I enjoy printing with my wooden printing blocks on fabric. I often print on small pieces of fabric using a motif, without an advance plan for how the pieces will be used.
When I saw what Jamie Fingel did for her Rebel Quilting (which I studied up on in order to take Jamie’s place at Portland Art & Soul), I thought that instead of using pieces of stenciled fabrics as Jamie does, I could instead use my block printed squares and rectangles.
So I gathered up my stash of wooden block printed fabrics, a piece of felt, Misty Fuse, rotary cutter and mat and went to work straightening the edges of the printed fabrics.
After cutting a rectangular piece of felt, I applied Misty Fuse to the entire surface. My first attempt of fusing on a multitude of block prints and fabric strips resulted in lots of colors and patterns. Frankly, It was an ugly disaster! While I saved it as a reminder of what not to do, I’ve “conveniently” misplaced it to avoid the visual spreading out on the World Wide Web!
Taking a deep breath I stepped back and tried to calm the arrangement down into something I’d be happy with. How to do that?
The big Aha! moment: limit the color palette of our quilt-lets By printing the wood block motifs in the same colors and by using a limited number of coordinating fabric in between the block prints.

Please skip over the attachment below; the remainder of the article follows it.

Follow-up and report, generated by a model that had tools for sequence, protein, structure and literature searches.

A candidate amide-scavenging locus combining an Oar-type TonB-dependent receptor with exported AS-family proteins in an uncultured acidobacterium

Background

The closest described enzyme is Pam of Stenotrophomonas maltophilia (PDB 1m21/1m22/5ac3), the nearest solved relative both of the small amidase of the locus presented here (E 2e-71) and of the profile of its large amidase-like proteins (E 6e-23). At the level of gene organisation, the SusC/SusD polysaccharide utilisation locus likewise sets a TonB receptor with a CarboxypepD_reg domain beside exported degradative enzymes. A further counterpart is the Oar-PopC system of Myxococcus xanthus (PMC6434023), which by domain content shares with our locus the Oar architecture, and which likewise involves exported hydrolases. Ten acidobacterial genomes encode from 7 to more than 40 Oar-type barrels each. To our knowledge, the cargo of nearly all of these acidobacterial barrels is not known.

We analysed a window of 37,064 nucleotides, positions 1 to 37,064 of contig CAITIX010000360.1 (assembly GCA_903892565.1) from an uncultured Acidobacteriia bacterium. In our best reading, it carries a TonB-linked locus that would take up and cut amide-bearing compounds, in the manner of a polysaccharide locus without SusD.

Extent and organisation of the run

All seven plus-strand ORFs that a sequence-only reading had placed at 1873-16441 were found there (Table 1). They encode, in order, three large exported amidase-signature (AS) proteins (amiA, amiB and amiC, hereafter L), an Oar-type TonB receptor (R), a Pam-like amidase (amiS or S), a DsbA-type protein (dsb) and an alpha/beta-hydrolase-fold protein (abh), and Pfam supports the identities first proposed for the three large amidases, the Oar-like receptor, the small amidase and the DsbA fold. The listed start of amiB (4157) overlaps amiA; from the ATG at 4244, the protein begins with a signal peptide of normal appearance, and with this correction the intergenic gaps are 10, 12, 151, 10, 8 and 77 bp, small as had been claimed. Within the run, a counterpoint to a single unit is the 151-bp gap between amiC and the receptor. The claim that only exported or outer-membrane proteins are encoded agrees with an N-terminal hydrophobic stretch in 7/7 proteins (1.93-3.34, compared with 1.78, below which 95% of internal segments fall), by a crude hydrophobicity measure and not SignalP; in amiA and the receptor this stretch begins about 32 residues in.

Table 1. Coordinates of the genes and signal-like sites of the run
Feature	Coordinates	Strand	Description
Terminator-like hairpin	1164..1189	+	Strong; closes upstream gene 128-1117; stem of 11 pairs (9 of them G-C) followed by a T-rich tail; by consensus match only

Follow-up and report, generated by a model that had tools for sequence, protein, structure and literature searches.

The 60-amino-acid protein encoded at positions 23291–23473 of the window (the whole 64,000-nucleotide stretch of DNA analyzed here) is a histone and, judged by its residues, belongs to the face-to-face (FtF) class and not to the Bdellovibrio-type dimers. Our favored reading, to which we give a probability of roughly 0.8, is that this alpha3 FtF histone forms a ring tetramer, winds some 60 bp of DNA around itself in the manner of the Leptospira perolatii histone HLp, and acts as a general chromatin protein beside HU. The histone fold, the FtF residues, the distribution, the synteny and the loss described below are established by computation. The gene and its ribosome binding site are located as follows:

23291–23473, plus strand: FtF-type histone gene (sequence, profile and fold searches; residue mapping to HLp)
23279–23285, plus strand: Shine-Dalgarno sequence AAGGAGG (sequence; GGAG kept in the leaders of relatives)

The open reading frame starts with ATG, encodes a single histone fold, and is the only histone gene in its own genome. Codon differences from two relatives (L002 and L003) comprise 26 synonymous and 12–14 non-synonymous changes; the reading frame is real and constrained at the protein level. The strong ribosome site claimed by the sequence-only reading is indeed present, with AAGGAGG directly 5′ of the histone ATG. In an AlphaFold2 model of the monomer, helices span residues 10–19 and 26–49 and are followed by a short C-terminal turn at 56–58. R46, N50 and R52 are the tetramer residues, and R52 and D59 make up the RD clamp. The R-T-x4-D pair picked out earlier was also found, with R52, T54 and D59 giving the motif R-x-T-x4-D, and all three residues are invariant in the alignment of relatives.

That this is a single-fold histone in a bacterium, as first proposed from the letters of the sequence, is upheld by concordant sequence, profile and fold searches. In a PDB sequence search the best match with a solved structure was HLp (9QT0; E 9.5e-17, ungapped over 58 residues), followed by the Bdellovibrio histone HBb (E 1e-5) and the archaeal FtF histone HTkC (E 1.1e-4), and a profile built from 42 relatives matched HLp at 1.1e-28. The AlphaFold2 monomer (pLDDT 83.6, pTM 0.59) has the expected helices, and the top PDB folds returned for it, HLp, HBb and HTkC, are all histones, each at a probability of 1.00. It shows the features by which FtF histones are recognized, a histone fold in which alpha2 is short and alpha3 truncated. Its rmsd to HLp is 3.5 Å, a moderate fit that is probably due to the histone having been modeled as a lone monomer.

Included in this post above are some of the art quilts I've made since that aha moment. These are the perfect size to experiment with some thread sketching and free-motion quilting. I “bind” the edges with a loose satin stitch all around to prevent unraveling and fraying.
I’m also sharing some photos from our June 11 Woodblock Printed Collage Art Quilt as I taught students how to print and design their own version of these quilts.
We all had a great time creating that day! As usual, we enjoyed ourselves so much we didn't take nearly as many photos to share as we should have. Everyone walked away with wonderful pieces!